The Albuquerque area is gearing up for the election in New Mexico’s 1st Congressional District set for Nov. 6, with contenders Democrat Debra Haaland, Republican Janice Arnold-Jones and Libertarian Lloyd Princeton.
The district serves the central area of New Mexico, including most of Bernalillo County with three-fourths in Albuquerque. Parts of Torrance, Sandoval, Santa Fe and Valencia Counties are also in the district.
District one has been represented in the U.S. House of Representatives by Democrat Michelle Lujan Grisham since 2013, but Grisham is vacating the seat to run for New Mexico’s open governor’s seat this fall.
If elected, Haaland would be the first Native American woman to serve in congress. Haaland is a graduate of the University of New Mexico whose political experience includes two terms as the first Native American to chair the Democratic party of New Mexico. During that time she saw the state flip from red to blue.
“The district has begun to skew a lot more blue since Martin Heinrich (D-N.M.) beat John Barela (R-N.M.) back in 2010,” said Haaland’s Campaign Manager, Scott Forrester.
Haaland’s campaign has invested in text messaging systems and social media, reaching out to the voters more personally, Forrester said.
“We have five offices in this district. I know part of (Haaland’s) field game is to talk to first-time voters to make sure that we’re engaging people that just registered,” Forrester said.
In a June 2018 financial report, fundraising for Haaland was about $1.1 million with almost $900,000 of it spent. Haaland on hand has about $240,000. Arnold-Jones raised over $100,000 with almost $80,000 spent. Arnold-Jones has almost $43,000 on hand.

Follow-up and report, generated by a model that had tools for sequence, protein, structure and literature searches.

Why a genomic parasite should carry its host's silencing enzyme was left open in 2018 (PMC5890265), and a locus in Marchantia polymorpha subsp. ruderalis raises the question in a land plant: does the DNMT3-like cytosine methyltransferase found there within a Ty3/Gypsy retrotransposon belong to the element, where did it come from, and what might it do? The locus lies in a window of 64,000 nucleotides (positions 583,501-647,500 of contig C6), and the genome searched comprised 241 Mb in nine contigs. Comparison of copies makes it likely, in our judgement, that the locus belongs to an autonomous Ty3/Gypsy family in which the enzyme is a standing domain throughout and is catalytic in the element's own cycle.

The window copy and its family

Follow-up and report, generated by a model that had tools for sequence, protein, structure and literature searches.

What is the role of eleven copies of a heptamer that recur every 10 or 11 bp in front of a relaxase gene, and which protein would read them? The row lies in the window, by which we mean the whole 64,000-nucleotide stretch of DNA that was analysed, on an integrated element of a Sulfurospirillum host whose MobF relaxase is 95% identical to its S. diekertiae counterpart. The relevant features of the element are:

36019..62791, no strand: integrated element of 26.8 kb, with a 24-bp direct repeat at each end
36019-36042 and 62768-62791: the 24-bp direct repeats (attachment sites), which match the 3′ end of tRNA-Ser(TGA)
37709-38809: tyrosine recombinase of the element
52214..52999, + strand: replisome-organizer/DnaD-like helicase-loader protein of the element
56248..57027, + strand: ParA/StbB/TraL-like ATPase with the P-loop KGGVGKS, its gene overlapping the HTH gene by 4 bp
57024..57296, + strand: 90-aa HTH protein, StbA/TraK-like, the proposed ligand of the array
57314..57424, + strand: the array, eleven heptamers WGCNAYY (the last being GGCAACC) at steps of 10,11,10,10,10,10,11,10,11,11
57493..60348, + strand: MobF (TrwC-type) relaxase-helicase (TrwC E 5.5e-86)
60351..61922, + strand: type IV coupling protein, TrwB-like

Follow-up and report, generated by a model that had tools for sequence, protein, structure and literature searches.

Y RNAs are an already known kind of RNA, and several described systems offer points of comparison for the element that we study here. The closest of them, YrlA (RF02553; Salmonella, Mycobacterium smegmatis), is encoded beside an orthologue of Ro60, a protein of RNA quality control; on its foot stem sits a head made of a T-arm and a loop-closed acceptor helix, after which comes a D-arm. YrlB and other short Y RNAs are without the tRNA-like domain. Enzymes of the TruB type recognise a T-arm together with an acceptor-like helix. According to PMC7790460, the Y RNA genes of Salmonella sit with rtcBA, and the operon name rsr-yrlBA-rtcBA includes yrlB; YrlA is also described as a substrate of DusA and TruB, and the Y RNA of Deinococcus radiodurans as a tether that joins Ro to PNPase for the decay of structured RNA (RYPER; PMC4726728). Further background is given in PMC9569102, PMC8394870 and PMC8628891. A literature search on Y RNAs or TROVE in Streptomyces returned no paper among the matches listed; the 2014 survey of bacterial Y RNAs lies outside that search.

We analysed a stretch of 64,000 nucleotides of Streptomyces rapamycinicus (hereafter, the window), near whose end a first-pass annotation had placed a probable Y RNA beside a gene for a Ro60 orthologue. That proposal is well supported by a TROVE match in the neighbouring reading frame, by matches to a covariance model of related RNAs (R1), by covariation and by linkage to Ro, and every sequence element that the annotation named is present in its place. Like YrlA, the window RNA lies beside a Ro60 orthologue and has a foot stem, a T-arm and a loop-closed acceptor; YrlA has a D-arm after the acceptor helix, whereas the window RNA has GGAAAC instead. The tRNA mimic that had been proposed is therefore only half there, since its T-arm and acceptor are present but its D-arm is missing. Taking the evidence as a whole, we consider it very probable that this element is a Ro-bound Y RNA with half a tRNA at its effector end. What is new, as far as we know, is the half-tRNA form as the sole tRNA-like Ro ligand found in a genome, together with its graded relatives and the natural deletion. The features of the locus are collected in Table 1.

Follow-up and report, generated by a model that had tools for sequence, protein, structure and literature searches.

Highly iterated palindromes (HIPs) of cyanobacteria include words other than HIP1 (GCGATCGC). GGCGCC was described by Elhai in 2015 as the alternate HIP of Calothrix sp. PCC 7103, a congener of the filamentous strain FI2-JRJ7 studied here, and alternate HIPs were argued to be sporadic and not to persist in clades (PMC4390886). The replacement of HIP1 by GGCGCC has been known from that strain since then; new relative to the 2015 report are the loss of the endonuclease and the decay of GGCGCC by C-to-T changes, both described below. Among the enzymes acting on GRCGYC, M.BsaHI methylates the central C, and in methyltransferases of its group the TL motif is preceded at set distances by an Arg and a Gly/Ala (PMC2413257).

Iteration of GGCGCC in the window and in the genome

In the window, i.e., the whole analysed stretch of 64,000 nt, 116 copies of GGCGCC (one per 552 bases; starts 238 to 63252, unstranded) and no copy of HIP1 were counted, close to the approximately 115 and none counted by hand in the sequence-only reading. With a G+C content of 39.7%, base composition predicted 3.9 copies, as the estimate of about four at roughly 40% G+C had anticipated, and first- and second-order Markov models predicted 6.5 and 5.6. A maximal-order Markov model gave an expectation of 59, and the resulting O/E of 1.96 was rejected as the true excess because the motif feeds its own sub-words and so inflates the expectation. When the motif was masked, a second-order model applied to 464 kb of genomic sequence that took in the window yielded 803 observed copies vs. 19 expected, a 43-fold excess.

Arnold-Jones served in the New Mexico house of representatives from 2003-2011 and a is former member of Albuquerque city council. She graduated from UNM in 1974 and has been awarded the William S. Dixon Award by the New Mexico Foundation for Open Government by bringing a webcam into legislature committee meetings
Arnold-Jones is a former small business owner and contractor to Sandia Labs. Her community involvement lead to her run for state legislature in 2002, according to her campaign website.
“I think it’s important that you contribute to your community and I hope that is a question that is asked but it usually isn’t — and that’s just the political process,” Arnold-Jones said.
Arnold-Jones has a tough climb ahead. She points out that voter registration for District One is just over 100,000 Republicans and almost 200,000 Democrats.
“The preponderance of the philosophy is on the side of the Democrats. I don’t feel bad about it, it is what it is. So I have to make a very strong case as to why my perspective is more helpful in Congress,” Arnold-Jones said.
Voters can hear the candidates offering their contrasting perspectives in an upcoming debate on Oct. 2 at UNM.